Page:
Karachi: Unidentified gunmen shot dead renowned qawwal Amjad Sabri -- whose late father and uncle enjoy huge popularity in India -- on a Karachi street on Wednesday, stunning Pakistan.
In a clear case of targeted killing, two men riding a motorcycle fired several gunshots at Amjad Sabri when he was in a car in Liaquatabad area, the media reported.
Ghulam Ahmed, who witnessed the killing, told SAMAA TV that he saw the killers fire at one side of the car. He added: "Then they turned and fired four shots on the other side of the car."
Police officer Mushtaq Mehar said the assassins apparently used 30-bore pistols and shot the singer five times, with one bullet piercing the head.
"The attackers took the Hassan Square route to escape," said Mehar. The officer said the motive behind the killing was not immediately known.
The bleeding 45-year-old qawwal, whose song "More Haji Piya" figured in the 2008 Bollywood movie "Halla Bol", was rushed to a nearby hospital but he succumbed to his injuries.
The car driver was in critical condition, media reports quoted doctors and police as saying.
"We have cordoned off the area and will arrest the culprits using all our resources," Mehar added.
Fakhr-e-Alam, Chairman of the Sindh censor board, tweeted that Sabri had earlier submitted an application for security, but the home department did not act on it.
Mobashir Hasan, head of Pakistan's censor board, told IANS that he was "highly saddened" by the "untimely death" of Amjad Sabri.
"He was a kind, simple and well-mannered person. He was truly a mystic and was on a divine mission of spreading love, peace and tolerance through music," he said.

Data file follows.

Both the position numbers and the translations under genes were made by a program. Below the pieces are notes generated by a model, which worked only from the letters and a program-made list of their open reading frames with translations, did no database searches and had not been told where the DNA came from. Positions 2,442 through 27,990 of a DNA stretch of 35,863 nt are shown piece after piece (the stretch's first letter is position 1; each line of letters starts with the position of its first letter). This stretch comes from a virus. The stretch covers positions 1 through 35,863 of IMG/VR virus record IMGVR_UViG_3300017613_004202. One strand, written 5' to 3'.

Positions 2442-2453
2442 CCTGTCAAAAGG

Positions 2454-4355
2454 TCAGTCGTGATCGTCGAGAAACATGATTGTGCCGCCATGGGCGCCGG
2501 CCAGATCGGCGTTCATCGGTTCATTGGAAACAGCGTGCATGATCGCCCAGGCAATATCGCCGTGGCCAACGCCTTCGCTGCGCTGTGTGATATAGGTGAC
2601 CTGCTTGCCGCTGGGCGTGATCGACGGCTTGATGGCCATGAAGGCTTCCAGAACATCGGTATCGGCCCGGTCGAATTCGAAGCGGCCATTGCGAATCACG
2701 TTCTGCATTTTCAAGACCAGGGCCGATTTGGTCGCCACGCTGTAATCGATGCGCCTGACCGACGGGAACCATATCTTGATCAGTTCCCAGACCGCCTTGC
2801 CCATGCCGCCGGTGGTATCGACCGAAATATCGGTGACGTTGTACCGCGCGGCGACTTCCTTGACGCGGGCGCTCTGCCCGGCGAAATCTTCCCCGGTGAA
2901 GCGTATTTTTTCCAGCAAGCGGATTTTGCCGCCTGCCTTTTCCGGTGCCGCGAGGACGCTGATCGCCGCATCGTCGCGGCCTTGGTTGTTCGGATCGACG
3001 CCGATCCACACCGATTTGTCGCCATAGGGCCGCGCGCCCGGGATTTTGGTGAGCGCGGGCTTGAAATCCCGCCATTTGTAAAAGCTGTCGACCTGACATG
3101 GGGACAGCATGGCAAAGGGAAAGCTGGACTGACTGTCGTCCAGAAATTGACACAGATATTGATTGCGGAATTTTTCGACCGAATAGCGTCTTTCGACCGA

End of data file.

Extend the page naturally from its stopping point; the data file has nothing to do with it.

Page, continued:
"My heartfelt condolences to his family, friends, followers in Pakistan and (India)."
Pakistanis took to the social media in large numbers to express their distress over the horrific killing.
Popular actor-singer Ali Zaffar said: "This is extremely sad, disturbing and unacceptable, specially since he had submitted an application for his protection."
Amjad Sabri was the scion of the legendary Sabri brothers who cemented a unique identity in the world of qawwali.
The Sabri family, originally from Rohtak in Haryana, rose to fame in the 1970s when the dynamic Ghulam Farid Sabri and Maqbool Ahmed Sabri went on to redefining the old genre of qawwali singing.
The two brothers -- who popularly came to be known as "Sabri brothers" -- were the first exponents of qawwali to the West when they performed in New York way back in 1975.
Amjad Sabri, who visited India last year, was unhappy with the makers of "Bajrangi Bhaijaan" for using his father's song "Bhar do Jholi" without their consent. He had said he would take legal action.
Amjad Sabri had also once said he was not interested in working in India as he had earned enough money and fame in Pakistan.